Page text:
No budget gap foreseen in Howard

Property tax revenue will remain flat, Wacks predicts

December 16, 2010|By Larry Carson, The Baltimore Sun

Howard budget director Raymond S. Wacks does not foresee a budget-busting gap between revenue and spending this fiscal year, but he warned the County Council that falling assessments will mean flat property tax revenues for years to come.

He also told council members Monday that after cost-cutting and some improvement in revenues, a feared $19.6 million shortfall last fiscal year was erased by the time the books were closed June 30.

"We did not find $20 million," Wacks said. "Revenues weren't quite as bad as we thought they would be, and we were able to save more."

The county left about 150 jobs vacant and saved across the board, Wacks said.

Greg Fox, the council's only Republican, asked for a list of the cost-saving moves.

"I want to see the things broken out," he said, to see if the cuts could be made permanent.

The county put $3 million of its surplus from the fiscal year that ended June 30 into a fund to help pay the health costs of future retirees, and $850,000 is left as surplus from the $1.4 billion budget.

Still, Wacks declined to say it was even a glimmer of good news. "Things are less worse than they were last year," he said.

Property assessments done by the state are likely to show a further decline of 20 percent or more, meaning that property tax revenue probably will be flat. Since property is reassessed once every three years, that won't change for a while, he said.

"It's a fact we're going to have to live with. It will be fiscal 2015 before any increase could occur," he said.

Still, Wacks said that most of the revenue predictions made last spring when the budget was put together will hold through June 30, and income tax collections are higher than expected.

"Income tax is really the number that makes or breaks us every year," he said. "In Howard County, people with more complex returns often wait longer" to file, he said, and those delayed 2009 returns were higher than expected. Last month, the county got 14 percent more than expected from state income tax revenue distributions, he said.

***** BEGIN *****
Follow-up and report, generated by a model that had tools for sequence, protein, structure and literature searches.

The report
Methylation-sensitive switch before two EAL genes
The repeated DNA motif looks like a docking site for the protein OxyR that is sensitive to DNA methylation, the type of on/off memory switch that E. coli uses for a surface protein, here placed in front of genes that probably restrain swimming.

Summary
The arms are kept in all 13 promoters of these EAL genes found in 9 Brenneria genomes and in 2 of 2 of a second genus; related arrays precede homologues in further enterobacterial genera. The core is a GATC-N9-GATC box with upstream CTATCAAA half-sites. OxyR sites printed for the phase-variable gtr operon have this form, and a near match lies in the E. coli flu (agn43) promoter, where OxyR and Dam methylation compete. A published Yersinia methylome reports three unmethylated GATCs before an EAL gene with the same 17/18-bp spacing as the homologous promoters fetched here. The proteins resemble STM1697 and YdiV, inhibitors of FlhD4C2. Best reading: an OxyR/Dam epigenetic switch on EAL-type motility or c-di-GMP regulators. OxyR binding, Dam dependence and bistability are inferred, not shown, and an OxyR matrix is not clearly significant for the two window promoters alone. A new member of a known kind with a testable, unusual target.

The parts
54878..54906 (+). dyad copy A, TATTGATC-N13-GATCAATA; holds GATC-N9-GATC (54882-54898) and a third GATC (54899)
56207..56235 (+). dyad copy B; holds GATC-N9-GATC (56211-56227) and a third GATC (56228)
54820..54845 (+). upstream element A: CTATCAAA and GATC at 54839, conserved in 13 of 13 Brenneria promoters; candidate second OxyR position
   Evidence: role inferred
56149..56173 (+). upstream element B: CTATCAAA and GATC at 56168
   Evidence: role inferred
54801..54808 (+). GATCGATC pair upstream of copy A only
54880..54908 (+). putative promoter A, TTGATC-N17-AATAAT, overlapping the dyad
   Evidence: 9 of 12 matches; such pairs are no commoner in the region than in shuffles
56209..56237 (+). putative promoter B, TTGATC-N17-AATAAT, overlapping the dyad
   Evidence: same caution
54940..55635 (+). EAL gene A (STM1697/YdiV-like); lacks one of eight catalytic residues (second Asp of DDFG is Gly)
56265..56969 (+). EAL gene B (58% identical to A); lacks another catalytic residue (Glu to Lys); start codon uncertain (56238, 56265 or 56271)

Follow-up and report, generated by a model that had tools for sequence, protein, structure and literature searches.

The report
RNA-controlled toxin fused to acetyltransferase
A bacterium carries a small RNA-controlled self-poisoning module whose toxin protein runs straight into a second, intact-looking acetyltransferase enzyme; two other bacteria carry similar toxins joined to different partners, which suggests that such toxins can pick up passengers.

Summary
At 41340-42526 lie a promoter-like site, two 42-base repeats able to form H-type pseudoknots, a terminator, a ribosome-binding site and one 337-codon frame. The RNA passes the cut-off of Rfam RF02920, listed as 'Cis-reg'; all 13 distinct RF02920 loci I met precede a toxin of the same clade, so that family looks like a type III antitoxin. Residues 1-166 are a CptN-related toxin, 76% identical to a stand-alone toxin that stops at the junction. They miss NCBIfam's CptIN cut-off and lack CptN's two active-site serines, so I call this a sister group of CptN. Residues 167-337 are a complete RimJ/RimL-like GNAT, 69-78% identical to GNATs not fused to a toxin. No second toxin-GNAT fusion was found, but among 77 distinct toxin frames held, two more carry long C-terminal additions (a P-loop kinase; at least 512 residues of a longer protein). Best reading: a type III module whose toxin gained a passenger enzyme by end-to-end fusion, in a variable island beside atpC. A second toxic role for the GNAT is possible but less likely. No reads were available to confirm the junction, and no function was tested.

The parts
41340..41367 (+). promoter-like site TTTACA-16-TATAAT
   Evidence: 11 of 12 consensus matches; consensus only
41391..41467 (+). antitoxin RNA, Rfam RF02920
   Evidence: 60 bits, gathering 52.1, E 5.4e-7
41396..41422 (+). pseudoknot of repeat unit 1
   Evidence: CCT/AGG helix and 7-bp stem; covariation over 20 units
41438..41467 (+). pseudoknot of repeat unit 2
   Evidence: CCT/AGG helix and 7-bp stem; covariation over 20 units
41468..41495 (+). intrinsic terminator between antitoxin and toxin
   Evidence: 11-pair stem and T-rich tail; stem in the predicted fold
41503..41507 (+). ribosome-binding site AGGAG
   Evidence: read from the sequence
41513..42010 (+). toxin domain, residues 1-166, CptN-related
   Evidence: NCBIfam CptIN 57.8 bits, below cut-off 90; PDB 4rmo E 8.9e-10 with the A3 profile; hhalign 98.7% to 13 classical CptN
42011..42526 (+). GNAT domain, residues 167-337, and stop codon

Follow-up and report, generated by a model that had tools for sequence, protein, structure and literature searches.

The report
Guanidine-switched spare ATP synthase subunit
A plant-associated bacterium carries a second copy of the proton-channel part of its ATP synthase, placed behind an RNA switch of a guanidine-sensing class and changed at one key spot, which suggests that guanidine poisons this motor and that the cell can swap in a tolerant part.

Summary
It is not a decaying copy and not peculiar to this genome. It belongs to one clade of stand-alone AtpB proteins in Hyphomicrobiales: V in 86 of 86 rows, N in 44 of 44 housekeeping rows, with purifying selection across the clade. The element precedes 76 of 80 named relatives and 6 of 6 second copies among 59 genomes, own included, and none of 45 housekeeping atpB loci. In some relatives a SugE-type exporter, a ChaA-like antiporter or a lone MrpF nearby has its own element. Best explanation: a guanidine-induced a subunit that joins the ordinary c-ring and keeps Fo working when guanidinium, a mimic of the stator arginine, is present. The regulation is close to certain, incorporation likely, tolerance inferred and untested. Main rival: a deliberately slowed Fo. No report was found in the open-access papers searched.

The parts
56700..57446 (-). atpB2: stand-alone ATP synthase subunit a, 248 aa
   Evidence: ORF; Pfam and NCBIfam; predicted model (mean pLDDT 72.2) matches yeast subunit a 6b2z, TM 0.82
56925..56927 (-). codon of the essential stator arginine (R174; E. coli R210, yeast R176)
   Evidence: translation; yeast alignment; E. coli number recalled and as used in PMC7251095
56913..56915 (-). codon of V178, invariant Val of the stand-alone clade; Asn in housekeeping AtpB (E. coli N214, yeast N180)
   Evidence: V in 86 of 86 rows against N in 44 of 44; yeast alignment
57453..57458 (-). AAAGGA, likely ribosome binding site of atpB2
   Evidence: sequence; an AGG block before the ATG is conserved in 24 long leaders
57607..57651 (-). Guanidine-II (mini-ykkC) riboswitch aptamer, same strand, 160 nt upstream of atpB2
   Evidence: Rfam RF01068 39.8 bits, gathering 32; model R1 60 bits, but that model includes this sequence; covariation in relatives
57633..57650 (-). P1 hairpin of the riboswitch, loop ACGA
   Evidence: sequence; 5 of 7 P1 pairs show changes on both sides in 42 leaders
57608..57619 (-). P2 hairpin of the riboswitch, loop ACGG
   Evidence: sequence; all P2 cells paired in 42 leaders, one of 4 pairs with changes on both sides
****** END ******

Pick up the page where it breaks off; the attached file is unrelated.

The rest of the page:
In July, he noted, statewide collections were up 3.5 percent, "the first time the state was up in a while." Howard is also doing much better on income tax collections than larger jurisdictions such as Montgomery and Baltimore County, he said.

"This doesn't mean everything is fine, but we believe we're not going to have a revenue shortfall this [fiscal] year," he said. "We're not out of the woods, but it doesn't look like we're going deeper into the woods."

If Gov. Martin O'Malley and the General Assembly make further cuts in state aid or shift teacher pension costs to the county, that could cause a severe fiscal strain in the coming year's budget, and Wacks warned that costs are still rising, even while revenues are flat.

"We clearly have a tough road ahead of us," Wacks said.

Still, council members sounded cautiously upbeat after the briefing.

"We're still working through some challenges, but we're in a better place," said Council Chairman Calvin Ball, an East Columbia Democrat.

"It's good news, in that the revenue is headed in the right direction," said Courtney Watson, an Ellicott City Democrat.

Jennifer Terrasa, a North Laurel-Savage Democrat, said the news shows the county has been "well managed in difficult times."

Mary Kay Sigaty, a West Columbia Democrat, said the presentation showed "we can do what we need to do. If what Ray says comes true, I'm going to be calling that good news. We were in a free fall before."

Fox criticized the $3 million for retirees as too little in the face of a growing debt of more than a half-billion dollars.

"We could have been putting money into the [fund] before," he said, noting that the county had been planning to contribute up to $50 million a year.

"Anything is good," Fox conceded," but it's not what the commitment was three years ago."

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